The time course for accessing short-term memory representations on the basis of item, phonological, and semantic information was measured with a speed-accuracy tradeoff (SAT) variant of a recognition probe task. Subjects studied 5-word lists and then judged whether a test word (1) was in the study list (item judgment); (2) rhymed with a word in the study list (rhyme judgment); or (3) was a synonym of a word in the study list (synonym judgment). Analysis of the SAT retrieval functions demonstrated that judgments based on phonological and semantic information were slower and less accurate than judgments based on composite item representations. The slower retrieval dynamics for rhyme and synonym judgments suggest that judgments based on component properties of the memory trace are mediated by either a generate or recall process distinct from the parallel or direct-access mechanism used in item judgments.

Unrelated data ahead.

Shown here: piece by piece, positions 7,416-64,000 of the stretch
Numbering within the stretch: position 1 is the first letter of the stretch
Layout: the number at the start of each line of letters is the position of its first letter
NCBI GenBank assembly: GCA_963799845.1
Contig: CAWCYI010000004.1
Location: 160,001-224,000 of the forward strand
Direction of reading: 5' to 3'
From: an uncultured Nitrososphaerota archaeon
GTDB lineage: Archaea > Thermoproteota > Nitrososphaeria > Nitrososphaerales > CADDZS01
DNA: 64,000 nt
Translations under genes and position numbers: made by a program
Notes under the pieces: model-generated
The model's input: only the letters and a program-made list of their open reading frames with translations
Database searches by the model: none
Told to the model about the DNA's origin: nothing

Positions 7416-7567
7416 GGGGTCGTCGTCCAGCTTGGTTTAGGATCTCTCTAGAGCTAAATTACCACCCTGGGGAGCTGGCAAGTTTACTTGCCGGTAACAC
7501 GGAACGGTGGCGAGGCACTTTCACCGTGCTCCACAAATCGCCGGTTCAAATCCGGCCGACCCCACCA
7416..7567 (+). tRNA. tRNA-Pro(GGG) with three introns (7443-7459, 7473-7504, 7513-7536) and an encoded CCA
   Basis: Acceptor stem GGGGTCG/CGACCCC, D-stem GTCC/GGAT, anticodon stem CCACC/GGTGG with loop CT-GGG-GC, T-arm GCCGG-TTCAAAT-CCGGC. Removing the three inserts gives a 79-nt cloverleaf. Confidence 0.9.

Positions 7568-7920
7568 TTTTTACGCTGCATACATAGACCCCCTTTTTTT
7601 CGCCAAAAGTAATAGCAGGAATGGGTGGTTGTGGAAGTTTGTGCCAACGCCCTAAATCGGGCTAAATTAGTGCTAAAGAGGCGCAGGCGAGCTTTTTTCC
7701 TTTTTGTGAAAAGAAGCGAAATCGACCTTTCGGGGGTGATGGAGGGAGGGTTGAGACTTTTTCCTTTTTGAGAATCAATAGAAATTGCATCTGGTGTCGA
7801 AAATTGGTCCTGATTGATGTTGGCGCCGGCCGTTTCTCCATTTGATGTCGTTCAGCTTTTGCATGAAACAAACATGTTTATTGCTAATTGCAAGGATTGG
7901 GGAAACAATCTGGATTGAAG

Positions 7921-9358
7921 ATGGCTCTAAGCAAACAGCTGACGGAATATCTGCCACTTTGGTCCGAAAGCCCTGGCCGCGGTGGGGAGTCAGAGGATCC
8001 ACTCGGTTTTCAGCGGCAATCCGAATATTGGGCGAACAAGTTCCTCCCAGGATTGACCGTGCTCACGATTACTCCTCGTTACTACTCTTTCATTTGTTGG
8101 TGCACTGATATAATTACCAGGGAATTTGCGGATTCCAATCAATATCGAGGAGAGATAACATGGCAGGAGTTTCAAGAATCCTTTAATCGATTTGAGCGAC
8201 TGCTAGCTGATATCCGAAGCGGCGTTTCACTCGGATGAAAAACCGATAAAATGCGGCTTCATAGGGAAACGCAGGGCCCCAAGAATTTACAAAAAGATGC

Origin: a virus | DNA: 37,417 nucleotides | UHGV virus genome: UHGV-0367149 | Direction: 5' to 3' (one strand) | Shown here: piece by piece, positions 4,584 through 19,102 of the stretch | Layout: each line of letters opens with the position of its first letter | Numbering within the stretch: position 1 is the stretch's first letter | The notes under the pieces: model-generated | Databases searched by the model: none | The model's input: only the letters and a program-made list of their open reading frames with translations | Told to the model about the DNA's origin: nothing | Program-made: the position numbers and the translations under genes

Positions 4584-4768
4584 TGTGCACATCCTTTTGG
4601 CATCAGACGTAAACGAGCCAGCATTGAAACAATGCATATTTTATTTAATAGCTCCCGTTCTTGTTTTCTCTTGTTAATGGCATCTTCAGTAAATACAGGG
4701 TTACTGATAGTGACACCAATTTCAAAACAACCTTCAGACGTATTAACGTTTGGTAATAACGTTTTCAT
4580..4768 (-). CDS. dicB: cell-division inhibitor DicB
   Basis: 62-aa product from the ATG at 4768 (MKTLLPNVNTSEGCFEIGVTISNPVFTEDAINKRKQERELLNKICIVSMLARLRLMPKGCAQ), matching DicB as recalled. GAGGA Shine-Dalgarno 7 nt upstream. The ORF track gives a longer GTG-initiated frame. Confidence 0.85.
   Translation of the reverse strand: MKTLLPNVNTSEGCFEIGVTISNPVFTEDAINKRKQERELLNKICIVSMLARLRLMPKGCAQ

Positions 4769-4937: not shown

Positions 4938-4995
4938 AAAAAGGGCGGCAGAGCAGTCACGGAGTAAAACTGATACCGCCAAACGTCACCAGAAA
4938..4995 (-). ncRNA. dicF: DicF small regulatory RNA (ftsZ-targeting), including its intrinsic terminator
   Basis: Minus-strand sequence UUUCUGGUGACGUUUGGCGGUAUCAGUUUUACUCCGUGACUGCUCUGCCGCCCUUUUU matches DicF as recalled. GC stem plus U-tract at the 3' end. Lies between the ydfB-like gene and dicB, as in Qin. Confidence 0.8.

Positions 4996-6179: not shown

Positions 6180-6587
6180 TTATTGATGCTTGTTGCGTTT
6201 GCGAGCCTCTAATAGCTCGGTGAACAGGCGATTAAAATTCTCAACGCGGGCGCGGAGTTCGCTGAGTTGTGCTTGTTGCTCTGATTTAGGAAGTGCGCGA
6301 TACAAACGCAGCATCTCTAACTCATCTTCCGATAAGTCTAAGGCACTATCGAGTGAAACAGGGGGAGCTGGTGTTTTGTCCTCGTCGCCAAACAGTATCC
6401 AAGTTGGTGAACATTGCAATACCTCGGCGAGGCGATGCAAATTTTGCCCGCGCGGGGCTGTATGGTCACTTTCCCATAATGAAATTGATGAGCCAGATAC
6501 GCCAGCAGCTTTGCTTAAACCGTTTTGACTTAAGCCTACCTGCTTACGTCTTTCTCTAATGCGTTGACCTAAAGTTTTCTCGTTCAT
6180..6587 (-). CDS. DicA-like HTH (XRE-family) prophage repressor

ASJC Scopus subject areas
- Neuropsychology and Physiological Psychology
- Experimental and Cognitive Psychology
- Arts and Humanities (miscellaneous)